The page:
closed his address with his perennial 
anti-communist attack. “I just don’t 
like communism,” he said as he waxed 
poetic over the achievements of his ad- 

When Nixon left the hall, the din of 
‘‘No More Nixon” filled the air as 
hundreds of students scrambled 
toward his limousine, pinning thumb- 
tacks under the tires and banging the 
hood with their signs. One student even 
jumped on the trunk, smashing the 
roof. Ten students were arrested in the 
melee. Nixon was whisked away to 
safety. d 

the people who were keeping me im- 
prisoned, lying to me, and then deny- 
ing they had lied to me. I broke win- 
dows and banged on walls because I 
saw the building as a prison. 

I can imagine how such an incident 
would be written up on my hospital 
records. ‘‘Patient broke windows 
. . . was subdued by staff . . . was 
given tetanus shot.” Nothing about 
why. Nothing about what led up to it. 
Nobody looked into the source of my 
very legitimate anger at being denied 
human and civil rights like the right to 
communication and the right to visita- 
tion. ” 

— a former inmate of a 
psychiatric institution 

‘‘normal” behavior for women, DMH 
talks about “behaviorally dangerous” 
women and thus the need for ‘‘treat- 
ment” facilities like Worcester, which 
calls for an exit guarded by three metal 
doors and $50,000 worth of security 

Eighty-five percent of psychiatrists 
in all psychiatric institutions are men 
and nearly all are white. Yet women, 
Third World people, poor and old peo- 
ple are found in larger proportions in 
state institutions than in the larger 
society. For example, in 1975, Third 
World people were only 12 percent of 
the population of Massachusetts, but 
comprised 23 percent of state mental 
institution admissions. 

Psychiatrists make the largest 
salaries and the decisions, but it is the 
workers in descending order of status, 

The Worcester Ward: 
Psychiatric Violence 
Against Women 

Coalition to Stop 
Institutional Violence/ 
Liberation News Service 

Editor’s Note: Much of the follow- 
ing story is from an article in Science 
for the People, written by the Coalition 
to Stop Institutional Violence, a 
Boston coalition of feminists who have 
been active in delaying the opening of a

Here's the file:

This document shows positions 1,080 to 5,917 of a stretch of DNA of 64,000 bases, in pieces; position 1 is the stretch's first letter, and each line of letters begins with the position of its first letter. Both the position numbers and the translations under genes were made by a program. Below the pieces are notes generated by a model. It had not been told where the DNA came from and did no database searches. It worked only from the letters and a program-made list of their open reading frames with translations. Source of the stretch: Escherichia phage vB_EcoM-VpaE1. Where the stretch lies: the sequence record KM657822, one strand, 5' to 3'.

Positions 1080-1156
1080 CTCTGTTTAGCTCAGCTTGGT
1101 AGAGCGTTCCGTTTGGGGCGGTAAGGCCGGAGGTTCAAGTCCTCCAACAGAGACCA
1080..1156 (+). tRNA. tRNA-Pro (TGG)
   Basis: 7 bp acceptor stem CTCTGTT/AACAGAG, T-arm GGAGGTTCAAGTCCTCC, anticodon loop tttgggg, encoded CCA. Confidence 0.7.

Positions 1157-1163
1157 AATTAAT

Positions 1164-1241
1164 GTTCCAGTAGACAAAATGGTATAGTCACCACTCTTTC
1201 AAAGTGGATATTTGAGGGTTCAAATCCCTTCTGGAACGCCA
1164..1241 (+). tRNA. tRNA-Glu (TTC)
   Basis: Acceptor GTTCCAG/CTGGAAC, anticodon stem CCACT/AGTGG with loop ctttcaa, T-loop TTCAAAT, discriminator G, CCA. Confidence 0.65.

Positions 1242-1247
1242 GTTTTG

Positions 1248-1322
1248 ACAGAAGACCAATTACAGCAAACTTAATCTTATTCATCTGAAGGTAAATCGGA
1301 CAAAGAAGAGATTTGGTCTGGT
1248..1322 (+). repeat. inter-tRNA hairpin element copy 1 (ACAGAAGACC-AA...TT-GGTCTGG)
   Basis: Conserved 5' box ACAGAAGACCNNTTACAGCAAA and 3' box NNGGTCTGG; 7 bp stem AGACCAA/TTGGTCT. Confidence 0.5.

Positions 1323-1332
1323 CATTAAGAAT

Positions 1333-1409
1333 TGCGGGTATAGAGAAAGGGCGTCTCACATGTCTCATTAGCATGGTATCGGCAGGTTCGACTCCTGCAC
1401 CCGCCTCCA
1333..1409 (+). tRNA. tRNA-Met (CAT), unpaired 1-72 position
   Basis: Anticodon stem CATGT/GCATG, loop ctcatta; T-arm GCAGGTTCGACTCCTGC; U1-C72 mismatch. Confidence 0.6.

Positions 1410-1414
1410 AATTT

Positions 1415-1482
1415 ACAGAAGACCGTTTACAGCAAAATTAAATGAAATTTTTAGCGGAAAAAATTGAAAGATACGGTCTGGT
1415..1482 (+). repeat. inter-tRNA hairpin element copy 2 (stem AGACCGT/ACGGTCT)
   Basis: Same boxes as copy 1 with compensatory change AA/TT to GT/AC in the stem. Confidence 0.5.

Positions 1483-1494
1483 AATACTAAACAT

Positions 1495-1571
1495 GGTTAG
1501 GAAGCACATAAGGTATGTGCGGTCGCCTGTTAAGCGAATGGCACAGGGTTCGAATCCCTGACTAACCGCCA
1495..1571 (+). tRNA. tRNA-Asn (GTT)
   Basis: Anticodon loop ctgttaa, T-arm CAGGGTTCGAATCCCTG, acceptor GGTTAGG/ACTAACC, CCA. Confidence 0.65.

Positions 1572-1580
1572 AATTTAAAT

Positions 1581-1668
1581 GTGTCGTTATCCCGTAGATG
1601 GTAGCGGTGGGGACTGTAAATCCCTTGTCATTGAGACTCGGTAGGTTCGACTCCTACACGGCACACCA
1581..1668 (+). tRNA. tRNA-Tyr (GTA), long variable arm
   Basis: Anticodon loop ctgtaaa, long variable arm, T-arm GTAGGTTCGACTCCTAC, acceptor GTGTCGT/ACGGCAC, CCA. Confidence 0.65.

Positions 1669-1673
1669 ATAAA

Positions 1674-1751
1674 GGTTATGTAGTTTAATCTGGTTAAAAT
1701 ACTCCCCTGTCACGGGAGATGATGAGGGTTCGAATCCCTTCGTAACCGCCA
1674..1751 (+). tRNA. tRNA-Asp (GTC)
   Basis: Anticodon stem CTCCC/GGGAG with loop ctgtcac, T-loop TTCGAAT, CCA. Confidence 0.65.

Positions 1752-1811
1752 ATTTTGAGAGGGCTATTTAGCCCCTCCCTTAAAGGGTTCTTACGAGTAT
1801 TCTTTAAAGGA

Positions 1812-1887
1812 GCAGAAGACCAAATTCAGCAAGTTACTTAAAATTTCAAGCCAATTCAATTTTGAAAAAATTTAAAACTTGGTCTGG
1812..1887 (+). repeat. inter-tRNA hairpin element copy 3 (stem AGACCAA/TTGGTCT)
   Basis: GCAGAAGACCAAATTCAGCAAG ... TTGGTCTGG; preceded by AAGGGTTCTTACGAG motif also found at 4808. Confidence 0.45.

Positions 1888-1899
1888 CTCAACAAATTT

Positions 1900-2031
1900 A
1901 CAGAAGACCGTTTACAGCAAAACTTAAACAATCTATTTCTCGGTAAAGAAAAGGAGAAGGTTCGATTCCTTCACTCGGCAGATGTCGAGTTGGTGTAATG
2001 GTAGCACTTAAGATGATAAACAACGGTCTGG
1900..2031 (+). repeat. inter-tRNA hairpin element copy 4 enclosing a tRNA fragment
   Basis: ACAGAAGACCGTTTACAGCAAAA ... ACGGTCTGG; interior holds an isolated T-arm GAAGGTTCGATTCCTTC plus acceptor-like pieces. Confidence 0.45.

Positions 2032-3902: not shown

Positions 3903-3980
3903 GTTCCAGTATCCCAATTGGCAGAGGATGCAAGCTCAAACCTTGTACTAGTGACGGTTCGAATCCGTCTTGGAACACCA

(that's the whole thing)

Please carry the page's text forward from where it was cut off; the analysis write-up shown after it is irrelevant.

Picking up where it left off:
proposed behavior modification unit 
for women in Worcester, 

The unit, defined as a small max- 
imum security “treatment” facility for 
so-called violent women, will be similar 
to the Maximum Security Unit at the 
federal women’s prison at Alderson, 
West Virginia. That unit, the only 
maxi-security installation for women 
was opened in response to the alleged 
increase of crimes by women. Selection 
of inmates has been arbitrary, and 
often directed particularly at politically 
active prisoners. 

The insitutional violence committed 
in prisons like Alderson and the 
Worcester Ward— violence including 
not only physical abuse but confine- 
ment and various forms of 
psychological torture — is justified as 
therapy necessary to rehabilitate 
“sick” and “violent-prone” inmates. 
Groups like the Coalition to Stop In- 
stitutional Violence are using every 
means possible to stop prison violence. 
They demonstrate that such prisons are 
not “aberrations” but are logical 

results of the existing social order. 

* * * 

NEW YORK (SFTP/LNS) — If this 
woman were in a Massachusetts psych- 
iatric institution today, it is quite likely 
that she would be targeted for what is 
euphemistically called the Special Con- 
sultation and Treatment Program for 
Women (SCTPW) or the Worcester 
Unit. This proposed unit, a joint ven- 
ture of the Massachusetts Department 
of Mental Health (SMH) and Depart- 
ment of Corrections (DOC), is defined 
as a maximum security unit for women 
“who have by reason of severe mental 
illness a recent and repeated history of 
behaviors harmful to themselves or 
others and for whom all attempts at 
treatment in existing facilities have fail- 

It is not difficult to predict which 
women will be sent to the proposed 
Worcester unit — those who DMH and 
DOC find troublesome for any number 
of reasons. They will be women in in- 
stitutions who demand their rights and 
who fight back when those rights are 
violated; women who are justifiably 
angry at the condition of their lives 
both outside and inside the institutions 
in which they are incarcerated. They 
will be women who direct their anger at